San Francisco DA Sues DoorDash Over Worker Misclassification

Last Updated on June 26, 2020 by Mike Dean

San Francisco DA Sues DoorDash

San Francisco District Attorney Chesa Boudin sued Doordash on the grounds of alleged unfair business practices and worker classification. The suit serves as the most recent legal challenge targeting a gig economy company in California since the passage of the worker misclassification law, a first in the US.

Regarding misclassification, the lawsuit demands that DoorDash cease classifying its workers as independent contractors or face a $2,500 fine for each violation.

In a statement, Boudin accused food delivery company DoorDash of illegally classifying its delivery workers as independent contractors. Boudin argues that they are employees rather than contractors. According to Boudin, misclassification hurts workers by contributing to the shrinking of the middle class via a widening income gap.

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According to DA Boudin, “Misclassifying workers deprive them of the labor law safeguards to which they are entitled, denying workers minimum wage and overtime pay, unemployment insurance and protection from discrimination, among other things.”

The lawsuit follows the recent uproar from gig worker rights groups urging companies such as Uber, Lyft, DoorDash, and Instacart to abide by the recently passed AB 5. The AB 5 outlines what type of worker can and cannot be classified as an independent contractor. Naturally, DoorDash and its peers strongly opposed the new regulations.

District Attorney Boudin claims that DoorDash does not meet the standards set by the ABC test.

The ABC test states that for a hiring entity to classify any worker as an independent contractor legally, it must provide evidence that the worker is entirely free from the control and direction of said entity.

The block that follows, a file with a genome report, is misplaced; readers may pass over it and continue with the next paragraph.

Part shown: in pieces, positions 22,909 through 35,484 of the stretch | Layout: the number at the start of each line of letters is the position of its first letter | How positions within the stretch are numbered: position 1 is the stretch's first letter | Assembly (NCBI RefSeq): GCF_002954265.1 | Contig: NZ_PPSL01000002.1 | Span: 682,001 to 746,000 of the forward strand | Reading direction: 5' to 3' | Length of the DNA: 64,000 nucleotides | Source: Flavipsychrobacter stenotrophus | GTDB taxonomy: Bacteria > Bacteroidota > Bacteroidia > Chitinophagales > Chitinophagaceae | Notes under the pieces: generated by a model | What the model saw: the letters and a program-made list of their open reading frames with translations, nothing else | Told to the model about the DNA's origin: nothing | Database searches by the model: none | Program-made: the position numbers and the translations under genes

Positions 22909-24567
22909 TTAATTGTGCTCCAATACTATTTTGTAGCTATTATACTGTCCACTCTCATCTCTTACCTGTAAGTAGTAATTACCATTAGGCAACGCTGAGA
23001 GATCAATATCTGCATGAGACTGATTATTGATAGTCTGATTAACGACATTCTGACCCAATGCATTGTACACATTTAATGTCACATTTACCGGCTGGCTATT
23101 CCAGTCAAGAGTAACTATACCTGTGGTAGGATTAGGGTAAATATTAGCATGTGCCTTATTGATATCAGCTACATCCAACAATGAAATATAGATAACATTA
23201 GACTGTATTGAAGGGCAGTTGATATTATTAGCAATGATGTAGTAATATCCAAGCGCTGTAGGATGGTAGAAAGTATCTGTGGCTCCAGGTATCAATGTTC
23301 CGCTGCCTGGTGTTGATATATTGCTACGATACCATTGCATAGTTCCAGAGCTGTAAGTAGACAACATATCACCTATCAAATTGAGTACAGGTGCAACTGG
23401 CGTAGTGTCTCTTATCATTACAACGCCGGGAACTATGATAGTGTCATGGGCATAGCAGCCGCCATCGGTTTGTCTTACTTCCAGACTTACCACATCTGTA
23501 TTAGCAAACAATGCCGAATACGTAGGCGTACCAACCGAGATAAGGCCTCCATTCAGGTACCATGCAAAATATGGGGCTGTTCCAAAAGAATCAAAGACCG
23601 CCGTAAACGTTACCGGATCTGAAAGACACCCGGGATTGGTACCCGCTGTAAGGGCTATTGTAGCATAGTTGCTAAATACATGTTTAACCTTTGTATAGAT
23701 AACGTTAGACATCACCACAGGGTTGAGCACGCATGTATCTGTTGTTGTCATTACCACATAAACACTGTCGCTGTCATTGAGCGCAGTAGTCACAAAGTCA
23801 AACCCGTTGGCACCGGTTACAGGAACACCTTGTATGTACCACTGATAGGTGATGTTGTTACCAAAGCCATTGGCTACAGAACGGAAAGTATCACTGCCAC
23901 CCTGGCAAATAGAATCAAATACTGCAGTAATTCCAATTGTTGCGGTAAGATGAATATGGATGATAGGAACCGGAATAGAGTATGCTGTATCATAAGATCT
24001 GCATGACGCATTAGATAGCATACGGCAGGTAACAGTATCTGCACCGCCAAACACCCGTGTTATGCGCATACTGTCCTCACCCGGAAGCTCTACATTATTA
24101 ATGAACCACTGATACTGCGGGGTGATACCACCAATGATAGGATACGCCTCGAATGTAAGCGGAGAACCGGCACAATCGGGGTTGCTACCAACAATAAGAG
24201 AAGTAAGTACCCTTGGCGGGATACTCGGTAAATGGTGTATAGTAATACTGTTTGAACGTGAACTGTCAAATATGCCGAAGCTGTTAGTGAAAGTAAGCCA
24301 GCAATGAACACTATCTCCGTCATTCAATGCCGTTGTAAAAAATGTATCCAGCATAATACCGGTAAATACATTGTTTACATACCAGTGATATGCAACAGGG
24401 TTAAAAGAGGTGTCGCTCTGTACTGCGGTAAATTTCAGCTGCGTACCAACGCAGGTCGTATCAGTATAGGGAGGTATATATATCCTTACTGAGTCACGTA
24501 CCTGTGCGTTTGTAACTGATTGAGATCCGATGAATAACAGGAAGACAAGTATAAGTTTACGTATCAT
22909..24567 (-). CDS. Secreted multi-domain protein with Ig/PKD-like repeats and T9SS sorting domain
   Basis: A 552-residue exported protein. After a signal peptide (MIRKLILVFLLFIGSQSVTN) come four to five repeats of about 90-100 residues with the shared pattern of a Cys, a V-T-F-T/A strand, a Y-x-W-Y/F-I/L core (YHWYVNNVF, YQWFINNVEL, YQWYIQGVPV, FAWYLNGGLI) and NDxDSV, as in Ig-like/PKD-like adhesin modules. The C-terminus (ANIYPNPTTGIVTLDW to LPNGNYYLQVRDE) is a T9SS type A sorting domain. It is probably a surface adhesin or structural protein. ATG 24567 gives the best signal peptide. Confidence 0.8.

The hiring entity must also prove that the worker performs work outside the scope of the entity’s business and is at semi-regularly to regularly engaged in the work of an independently established trade or some similar business.

The COVID-19 pandemic and the risk it poses to public health have forced restaurants to pause their dine-in services. Due to this, diners have resorted to relying on food delivery platforms such as DoorDash and its competitors Postmates, Grubhub, Uber Eats, etc.

Uber Eats’ recent failure to acquire Grubhub has seemingly solidified DoorDash’s new place as a leader in the food delivery market.

DoorDash, already cementing itself as the largest food delivery company in North America, has further increased its sales as a result of the coronavirus-related lockdown.

DoorDash is reportedly close to securing a new funding deal that would value it at more than a staggering $15 billion. DoorDash only recently filed to go public in February, just before the coronavirus caused the economy to spiral downward. DoorDash reportedly still aims to get listed within the year.

Like other gig economy companies such as Uber, DoorDash strongly argues that many of its delivery staff aren’t delivering food full time, but are instead doing it in their spare time as an extra source of income. DoorDash argues that due to this, they should not be classified as employees and should not be provided the benefits that full-time employees are awarded.

DoorDash further argues that classifying their couriers as employees would “negatively affect their ability to hold multiple jobs, as well as harm restaurants’ ability to stay in business during the pandemic.”